I’m also a little brazen (even though I may come across as shy and reserved). I can kick over some of those barriers with some passion and that’s helpful and I can be in your face. You need to not be scared. That’s when things unlock. It’s so rewarding to watch someone grow in their careers and see them blossom into something that otherwise would have been latent. I’ve felt a lot of squishy, good feeling with the mentorship I’ve provided.
MLW: What impact do you hope your mentorship has?
CS: A broader scope, more opportunities for success, and ultimately a fuller life. So much time is wasted when people feel cloistered. Ask yourself, “What do you have to lose?” Cast off aspersions, take a few in the shoulder and just push. Why wouldn’t you? I’m often confused by the reservations inherent in so many humans. If I can push people to get off the pot they’re going to end up with more, and be better off.
We’re in a lucrative business here, which means more money and more experiences. Some say you learn more from your failures than your successes but I tend to prefer success over failure in my ventures. I want to support creative expression, people who are passionate about something they want to build. It’s great when I see somebody whose head is up, chest is out, marching at a quick pace and on top of their game. Sometimes I’ve had a little bit of influence that’s enabled that. That’s pretty awesome.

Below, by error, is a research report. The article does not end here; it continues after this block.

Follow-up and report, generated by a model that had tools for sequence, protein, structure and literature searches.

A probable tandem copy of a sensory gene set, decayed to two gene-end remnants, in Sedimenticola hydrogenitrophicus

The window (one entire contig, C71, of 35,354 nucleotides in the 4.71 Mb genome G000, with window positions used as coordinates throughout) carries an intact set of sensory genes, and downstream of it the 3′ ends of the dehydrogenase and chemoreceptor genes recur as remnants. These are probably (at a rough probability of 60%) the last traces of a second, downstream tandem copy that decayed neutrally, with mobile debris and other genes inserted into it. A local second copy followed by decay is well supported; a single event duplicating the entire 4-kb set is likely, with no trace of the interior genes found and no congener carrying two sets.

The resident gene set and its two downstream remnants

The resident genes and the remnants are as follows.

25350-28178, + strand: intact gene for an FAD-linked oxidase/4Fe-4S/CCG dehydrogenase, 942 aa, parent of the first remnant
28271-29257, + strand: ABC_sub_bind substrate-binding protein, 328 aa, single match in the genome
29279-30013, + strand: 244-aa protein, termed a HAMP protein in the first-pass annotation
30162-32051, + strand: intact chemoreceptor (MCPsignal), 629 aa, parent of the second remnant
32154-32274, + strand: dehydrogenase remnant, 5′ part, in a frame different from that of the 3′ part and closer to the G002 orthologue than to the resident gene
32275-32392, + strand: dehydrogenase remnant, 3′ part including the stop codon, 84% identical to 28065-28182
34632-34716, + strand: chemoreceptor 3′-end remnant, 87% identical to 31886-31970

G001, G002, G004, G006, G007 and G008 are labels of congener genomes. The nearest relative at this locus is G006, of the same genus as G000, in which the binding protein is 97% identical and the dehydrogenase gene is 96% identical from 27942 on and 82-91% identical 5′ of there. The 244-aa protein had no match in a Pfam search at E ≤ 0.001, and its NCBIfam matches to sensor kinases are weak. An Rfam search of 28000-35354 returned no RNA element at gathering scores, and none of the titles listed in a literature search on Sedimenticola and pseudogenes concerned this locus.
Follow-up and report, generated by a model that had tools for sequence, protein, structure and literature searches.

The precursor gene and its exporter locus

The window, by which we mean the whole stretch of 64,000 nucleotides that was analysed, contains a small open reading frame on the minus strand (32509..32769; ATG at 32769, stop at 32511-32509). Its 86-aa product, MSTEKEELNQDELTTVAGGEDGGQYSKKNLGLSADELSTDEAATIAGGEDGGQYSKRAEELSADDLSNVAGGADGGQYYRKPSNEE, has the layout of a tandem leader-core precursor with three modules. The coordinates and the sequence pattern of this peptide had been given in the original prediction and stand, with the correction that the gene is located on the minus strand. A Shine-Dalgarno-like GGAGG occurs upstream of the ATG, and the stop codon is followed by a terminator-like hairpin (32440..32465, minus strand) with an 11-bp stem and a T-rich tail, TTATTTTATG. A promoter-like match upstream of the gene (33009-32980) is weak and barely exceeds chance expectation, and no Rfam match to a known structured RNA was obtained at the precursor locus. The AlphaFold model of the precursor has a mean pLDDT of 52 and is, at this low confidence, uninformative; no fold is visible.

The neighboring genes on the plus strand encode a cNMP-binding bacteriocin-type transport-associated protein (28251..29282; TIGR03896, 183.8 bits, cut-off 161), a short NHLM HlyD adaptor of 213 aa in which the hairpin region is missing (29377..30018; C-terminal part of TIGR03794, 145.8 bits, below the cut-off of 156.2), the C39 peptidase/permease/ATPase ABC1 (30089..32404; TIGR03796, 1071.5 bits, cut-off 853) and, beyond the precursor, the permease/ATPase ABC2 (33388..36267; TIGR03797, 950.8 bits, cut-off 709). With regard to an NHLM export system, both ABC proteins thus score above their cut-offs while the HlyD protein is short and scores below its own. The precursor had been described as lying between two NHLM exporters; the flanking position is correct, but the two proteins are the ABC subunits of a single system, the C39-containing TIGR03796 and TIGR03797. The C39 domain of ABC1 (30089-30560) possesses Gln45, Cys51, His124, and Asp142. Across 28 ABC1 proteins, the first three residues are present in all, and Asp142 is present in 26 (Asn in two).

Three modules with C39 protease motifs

MLW: What do you find the most rewarding about what you do?
CS: Pouring energy into these teams is very rewarding for me. I see them grow up, move, shake, change and in a few cases, they get to the next level. I have a lot of energy for what I do and I’m able to give something of value and that feels really good. It’s like parenting. You watch your children grow and you have a role to play in shaping their lives.
Sometimes I see people hemming and hawing about making a decision. My advice is that ‘making a decision is better than not making a decision, even if it’s the wrong decision’. That’s a cliché of course because it’s true. In the end, you move forward and you learn something.